An increasing number of people work remotely. In fact, Census Bureau statistics indicate nearly one in 10 U.S. employees (9.4 percent or 13.4 million people) worked from home at least one day each week in 2010. Even in what many people would consider to be the most unlikely occupation — medicine — working remotely is becoming more common. Now a new study conducted by researchers at the University of Pennsylvania finds that teledermatologists, or dermatologists who consult with their patients using a new app, can reliably prioritize care for hospitalized patients with skin conditions.

Although you might think this study was conducted simply because dermatology is one of the likeliest candidates for a new app, actually there is a more pressing concern underlying this research: There is a national shortage of dermatologists. More accurately, dermatologists are unevenly distributed throughout the U.S., with some areas of the country having a surplus and others a shortfall of doctors working within this specialty practice. For this reason, many hospitals do not have inpatient consultative services, and those that do often have limited availability after hours and on weekends.

"Dermatology support is essential for hospitalized patients, but unfortunately many hospitals lack dermatology coverage,” said Dr. Misha Rosenbach, assistant professor of dermatology at the Hospital of the University of Pennsylvania.

To evaluate the reliability of teledermatology, senior author Rosenbach and his colleagues compared assessments of hospitalized patients at the Hospital of the University of Pennsylvania between a face-to-face consultation and a teledermatology consultation. The 50 study participant-patients were evaluated separately by both the in-person dermatologist and two independent teledermatologists. The team used a secure "store-and-forward" teledermatology smart phone app, known as AccessDerm, developed jointly by Penn Medicine's teledermatology program and the AAD.

What did the researchers discover? When the inpatient dermatologist recommended a patient be seen the same day, 90 percent of the time the teledermatologists had independently suggested the exact same course of action. When the inpatient dermatologist recommended a biopsy, 95 percent of the time the teledermatologists agreed. Overall, the doctors completely agreed on a diagnosis 82 percent of the time, while partially concurring in 88 percent of all cases. According to the study authors, this level of variation is in line with the standard deviations expected between health care providers. Clearly, the study, which appears in JAMA Dermatology, proves teledermatology may provide both patients and doctors greater flexibility. For most of us, any way to eliminate a trip to a crowded doctor’s office just to have the progress of a rash checked is a boon. Still, there might be a little more underlying this study than meets the eye.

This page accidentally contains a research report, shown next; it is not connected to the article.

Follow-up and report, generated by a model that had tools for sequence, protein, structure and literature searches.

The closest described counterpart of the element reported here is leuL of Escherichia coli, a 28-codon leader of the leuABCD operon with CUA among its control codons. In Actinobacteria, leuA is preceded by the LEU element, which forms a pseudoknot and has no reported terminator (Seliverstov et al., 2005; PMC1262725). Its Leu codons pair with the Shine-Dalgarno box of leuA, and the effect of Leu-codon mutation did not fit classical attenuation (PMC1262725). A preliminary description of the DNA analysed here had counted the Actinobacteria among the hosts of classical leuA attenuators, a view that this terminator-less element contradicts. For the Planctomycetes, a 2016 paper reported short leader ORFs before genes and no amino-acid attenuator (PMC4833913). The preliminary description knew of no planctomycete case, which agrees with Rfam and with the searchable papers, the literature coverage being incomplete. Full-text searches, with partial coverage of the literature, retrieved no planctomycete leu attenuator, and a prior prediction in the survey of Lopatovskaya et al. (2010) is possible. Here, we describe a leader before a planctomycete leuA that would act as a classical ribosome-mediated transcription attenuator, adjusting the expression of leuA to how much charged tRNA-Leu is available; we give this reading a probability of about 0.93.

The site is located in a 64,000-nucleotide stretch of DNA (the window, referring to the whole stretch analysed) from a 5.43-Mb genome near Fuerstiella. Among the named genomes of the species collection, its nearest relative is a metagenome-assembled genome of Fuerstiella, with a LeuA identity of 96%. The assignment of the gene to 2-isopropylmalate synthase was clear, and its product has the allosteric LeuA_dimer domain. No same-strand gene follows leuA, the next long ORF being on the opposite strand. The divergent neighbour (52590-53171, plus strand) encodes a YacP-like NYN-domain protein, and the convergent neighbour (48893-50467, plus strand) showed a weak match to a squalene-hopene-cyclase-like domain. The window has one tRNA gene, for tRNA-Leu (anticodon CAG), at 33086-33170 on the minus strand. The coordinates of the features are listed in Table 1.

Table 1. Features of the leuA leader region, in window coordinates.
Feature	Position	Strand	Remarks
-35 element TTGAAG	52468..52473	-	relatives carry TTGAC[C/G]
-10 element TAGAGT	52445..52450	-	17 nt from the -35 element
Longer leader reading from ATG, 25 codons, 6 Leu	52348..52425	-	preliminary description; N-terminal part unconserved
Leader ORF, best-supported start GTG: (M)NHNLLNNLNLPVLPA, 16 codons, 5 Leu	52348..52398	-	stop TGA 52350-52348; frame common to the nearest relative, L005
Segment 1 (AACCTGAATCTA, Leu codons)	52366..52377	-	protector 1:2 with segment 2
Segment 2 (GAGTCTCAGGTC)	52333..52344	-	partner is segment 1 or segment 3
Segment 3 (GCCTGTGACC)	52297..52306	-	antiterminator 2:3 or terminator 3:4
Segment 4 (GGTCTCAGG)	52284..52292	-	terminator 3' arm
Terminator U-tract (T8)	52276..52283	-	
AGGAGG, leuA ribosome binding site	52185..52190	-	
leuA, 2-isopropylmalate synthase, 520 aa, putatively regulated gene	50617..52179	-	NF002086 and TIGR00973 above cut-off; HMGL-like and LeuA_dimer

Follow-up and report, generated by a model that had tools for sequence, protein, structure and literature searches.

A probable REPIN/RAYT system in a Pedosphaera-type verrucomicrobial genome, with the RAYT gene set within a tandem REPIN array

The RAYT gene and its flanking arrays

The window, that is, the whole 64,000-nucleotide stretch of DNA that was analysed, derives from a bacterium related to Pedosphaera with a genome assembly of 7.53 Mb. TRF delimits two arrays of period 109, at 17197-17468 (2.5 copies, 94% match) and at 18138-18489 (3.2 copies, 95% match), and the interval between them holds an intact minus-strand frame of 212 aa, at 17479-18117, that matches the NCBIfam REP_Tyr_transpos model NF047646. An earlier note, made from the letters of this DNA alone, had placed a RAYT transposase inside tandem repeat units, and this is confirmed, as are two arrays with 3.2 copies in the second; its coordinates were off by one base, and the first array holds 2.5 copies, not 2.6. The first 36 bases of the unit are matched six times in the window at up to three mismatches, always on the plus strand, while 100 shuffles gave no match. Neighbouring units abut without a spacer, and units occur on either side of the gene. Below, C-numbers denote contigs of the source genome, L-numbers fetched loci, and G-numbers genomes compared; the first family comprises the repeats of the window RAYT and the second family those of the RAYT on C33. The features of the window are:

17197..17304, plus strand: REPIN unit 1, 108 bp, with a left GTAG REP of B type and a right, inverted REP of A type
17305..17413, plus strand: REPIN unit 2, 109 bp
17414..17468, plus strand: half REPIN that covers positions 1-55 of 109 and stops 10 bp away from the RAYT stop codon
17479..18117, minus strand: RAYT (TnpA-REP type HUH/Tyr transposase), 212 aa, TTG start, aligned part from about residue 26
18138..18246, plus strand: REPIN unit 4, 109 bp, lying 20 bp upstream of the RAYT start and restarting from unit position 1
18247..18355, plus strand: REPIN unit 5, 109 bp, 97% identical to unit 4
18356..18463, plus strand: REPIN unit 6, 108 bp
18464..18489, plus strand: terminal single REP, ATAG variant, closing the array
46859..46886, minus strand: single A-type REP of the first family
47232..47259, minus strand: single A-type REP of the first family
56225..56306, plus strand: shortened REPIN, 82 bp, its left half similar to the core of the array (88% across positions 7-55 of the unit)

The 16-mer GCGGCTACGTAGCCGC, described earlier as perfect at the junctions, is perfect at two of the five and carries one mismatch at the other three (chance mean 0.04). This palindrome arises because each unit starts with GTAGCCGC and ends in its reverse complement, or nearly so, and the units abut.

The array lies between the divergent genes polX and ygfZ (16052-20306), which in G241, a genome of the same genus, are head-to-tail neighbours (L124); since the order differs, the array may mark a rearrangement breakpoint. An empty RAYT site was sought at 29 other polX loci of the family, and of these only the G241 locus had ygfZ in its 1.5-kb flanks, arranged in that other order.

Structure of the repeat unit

Currently, about 43 percent of the American Academy of Dermatology Association’s (AAD) total membership is comprised of women, with all indications pointing to a growing female presence. Sixty-three percent of the under 40 respondents to the Associations 2012 Dermatology Practice Profile Survey were women, as were 52 percent of those between 40 and 49. According to recent surveys conducted by Catalyst, a nonprofit research organization, women are more likely than men to telecommute over the course of their careers.  Considering many working women are also shouldering all or greater responsibility for child-care, this makes perfect sense.  

"Our study … demonstrated that teledermatology consultations are not only effective at distinguishing cases in need for an urgent consultation in a hospital environment, but can also streamline follow-up care for both patients and clinicians," said Dr. Carrie Kovarik, associate professor of dermatology and leader of the initiative to develop AccessDerm. No complaints here: A dermatology app sounds like a win-win for patients and doctors both.

 

Source: Barbieri JS, Nelson CA, James WD, Margolis DJ, Littman-Quinn R, Rosenbach M, Kovarik CL. The Reliability of Teledermatology to Triage Inpatient Dermatology Consultations. JAMA Dermatology. 2014.